Sukeroku Kite

Here's some more information on this kite. It was bought from a bookshop in London, they also had some paper kites on display. The kite measures 46 by 52 cm and is close in proportion to the standard Rokkaku, the main differences being that it has two extra spars connected between the ends of the top and bottom spreaders making an 'X', and the bridle is of the three-legged persuasion.

As with most commercial japanese kites that I've come across, the quality of the printing is good, everything is nicely stuck down, but the finish on the spars is a bit rough. What I mean by that is the bamboo hasn't been chosen for it's knot-free quality, or balance. The other big problem is the bridle/bowing system. Why do they use that thick thread? There's also the problem of tying off the bowing without having lots of loops of string hanging down one side of the kite. I wonder if these kites really belong in the 'artistic' category rather than the 'flying' one.....


Simon Oliverkindly sent me this information:

The two characters written in kanji on the kite are 'suke-roku', the name of the main character of a famous Kabuki play, the formal title of which is 'Sukeroku Yukarino Edo-zakura'. This literally means The Cherry Blossom of Edo City, related to our hero, Sukeroku . He appears as a type of relaxed, party type of handsome young man, the lover of the great prostitute in the city of Yoshiwara, the authorized prostitute town.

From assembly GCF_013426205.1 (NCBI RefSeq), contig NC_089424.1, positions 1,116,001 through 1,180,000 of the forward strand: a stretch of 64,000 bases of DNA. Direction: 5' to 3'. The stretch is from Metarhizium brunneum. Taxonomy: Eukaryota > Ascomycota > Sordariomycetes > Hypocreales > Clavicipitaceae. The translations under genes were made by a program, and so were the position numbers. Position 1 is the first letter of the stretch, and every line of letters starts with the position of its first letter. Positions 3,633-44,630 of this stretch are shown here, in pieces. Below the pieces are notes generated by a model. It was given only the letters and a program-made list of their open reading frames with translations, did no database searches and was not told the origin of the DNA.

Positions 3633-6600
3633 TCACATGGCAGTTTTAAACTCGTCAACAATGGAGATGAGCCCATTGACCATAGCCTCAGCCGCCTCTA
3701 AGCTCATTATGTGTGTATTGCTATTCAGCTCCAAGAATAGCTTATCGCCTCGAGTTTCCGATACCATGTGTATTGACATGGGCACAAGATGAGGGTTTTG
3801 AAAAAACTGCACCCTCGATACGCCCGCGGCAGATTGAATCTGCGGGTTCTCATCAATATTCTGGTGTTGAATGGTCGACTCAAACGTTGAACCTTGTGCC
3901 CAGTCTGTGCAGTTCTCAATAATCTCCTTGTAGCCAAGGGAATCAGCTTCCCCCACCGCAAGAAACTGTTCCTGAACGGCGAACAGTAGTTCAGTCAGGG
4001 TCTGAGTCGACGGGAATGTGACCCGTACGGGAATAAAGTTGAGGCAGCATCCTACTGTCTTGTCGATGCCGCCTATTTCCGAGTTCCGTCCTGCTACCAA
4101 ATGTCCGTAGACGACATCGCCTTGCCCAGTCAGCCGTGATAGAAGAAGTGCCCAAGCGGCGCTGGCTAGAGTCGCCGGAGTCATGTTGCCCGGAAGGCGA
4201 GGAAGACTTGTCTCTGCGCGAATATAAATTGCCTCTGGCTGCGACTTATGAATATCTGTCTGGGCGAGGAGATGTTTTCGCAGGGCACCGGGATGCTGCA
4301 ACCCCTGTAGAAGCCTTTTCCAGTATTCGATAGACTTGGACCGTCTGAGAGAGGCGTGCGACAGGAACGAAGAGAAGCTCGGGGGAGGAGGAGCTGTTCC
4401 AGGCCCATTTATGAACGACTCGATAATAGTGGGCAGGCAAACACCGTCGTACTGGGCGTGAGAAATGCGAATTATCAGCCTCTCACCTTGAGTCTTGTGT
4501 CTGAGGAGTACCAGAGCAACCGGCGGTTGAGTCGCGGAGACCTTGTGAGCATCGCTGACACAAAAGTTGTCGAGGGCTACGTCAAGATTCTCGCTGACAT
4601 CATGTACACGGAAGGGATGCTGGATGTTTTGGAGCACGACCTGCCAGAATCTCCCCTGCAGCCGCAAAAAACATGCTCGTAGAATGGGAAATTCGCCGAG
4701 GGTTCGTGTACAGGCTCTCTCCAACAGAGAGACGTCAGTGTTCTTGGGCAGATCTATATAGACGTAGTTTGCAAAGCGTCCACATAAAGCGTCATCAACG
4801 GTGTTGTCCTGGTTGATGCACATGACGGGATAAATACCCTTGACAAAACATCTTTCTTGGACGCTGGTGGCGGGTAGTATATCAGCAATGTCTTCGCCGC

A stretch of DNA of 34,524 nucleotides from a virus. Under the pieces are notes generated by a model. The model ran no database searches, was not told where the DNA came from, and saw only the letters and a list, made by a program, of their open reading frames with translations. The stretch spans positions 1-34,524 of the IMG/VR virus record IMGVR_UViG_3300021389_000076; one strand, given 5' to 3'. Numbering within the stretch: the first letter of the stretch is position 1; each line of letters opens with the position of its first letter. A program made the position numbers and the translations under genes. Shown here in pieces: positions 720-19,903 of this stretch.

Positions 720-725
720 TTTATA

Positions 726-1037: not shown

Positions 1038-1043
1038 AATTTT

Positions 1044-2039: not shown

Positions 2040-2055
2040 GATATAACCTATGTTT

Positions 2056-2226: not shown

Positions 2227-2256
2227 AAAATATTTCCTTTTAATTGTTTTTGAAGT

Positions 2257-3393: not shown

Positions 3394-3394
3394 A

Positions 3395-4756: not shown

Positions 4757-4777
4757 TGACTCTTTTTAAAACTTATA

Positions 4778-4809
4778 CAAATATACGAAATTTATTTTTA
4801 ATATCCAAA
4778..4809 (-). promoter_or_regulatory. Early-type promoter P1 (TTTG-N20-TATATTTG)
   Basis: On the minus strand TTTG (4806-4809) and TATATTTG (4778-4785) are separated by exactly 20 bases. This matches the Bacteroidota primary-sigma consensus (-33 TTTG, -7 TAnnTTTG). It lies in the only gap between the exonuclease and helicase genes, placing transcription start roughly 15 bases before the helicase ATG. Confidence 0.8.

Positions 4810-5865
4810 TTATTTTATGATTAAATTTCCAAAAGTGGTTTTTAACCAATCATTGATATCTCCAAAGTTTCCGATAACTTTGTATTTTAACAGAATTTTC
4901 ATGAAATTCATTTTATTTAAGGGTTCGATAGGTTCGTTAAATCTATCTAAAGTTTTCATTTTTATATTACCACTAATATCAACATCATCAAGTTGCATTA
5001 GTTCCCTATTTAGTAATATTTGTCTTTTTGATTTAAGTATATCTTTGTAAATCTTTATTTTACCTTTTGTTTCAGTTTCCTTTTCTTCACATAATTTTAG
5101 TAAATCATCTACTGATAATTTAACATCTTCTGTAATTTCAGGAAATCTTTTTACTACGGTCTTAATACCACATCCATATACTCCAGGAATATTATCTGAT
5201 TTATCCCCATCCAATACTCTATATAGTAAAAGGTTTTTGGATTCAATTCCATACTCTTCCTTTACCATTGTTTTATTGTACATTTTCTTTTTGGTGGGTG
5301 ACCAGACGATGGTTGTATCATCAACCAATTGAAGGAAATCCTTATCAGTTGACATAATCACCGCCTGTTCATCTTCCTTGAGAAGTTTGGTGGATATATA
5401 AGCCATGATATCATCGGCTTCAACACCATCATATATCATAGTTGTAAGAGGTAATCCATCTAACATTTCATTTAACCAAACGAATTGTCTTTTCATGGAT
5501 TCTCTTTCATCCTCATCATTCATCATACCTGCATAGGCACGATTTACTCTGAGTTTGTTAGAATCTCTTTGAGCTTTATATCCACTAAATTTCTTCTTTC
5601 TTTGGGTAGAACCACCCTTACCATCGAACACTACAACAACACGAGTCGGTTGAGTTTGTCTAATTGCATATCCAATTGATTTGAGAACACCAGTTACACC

People call him 'Hanakawado no Sukeroku', or Sukeroku from Hanakawado city. Hanakawado is the name of a place near Asakusa, Edo (now Tokyo). This young hero is actually one of the two brothers who have been looking for their father's murderer. His real name is Goro Tokimune, and the revenge story of him and his older brother Juro is one of the themes which is still very popular with all Kabuki play lovers now.

To find the sword of his father, he has to hang around Yoshiwara, one of the most prosperous "red light", or "entertainment" districts. Because he is the hero of the time, his fashion and attitude are really cool and remarkable. We can see a typical cool young Edo chap in Sukeroku. It is such fun to see all those fantastic costumes and also comical acts and the colourful story of this Kabuki play. I reckon this is the one of the best plays I can recommend to anyone.

If you are interested in Kabuki, there is a Kabuki page in English which can be found at

Kabuki plays were developed during the middle Edo period of history. Japan was ruled by a warrior or Samurai class, and less privileged classes often wrote plays representing criticism or irony of the unfair class system.

The image above was originally taken from a b&w line drawing of a kite pin which I enlarged and coloured with reference to my kite, and added the orange 'banner' at the top right which wasn't present on the pin image. You can see the current colour pin image, and information on other kabuki kites at David Gomberg's Kite Pin Hotline.

John Staplehurst updated: 9/1/98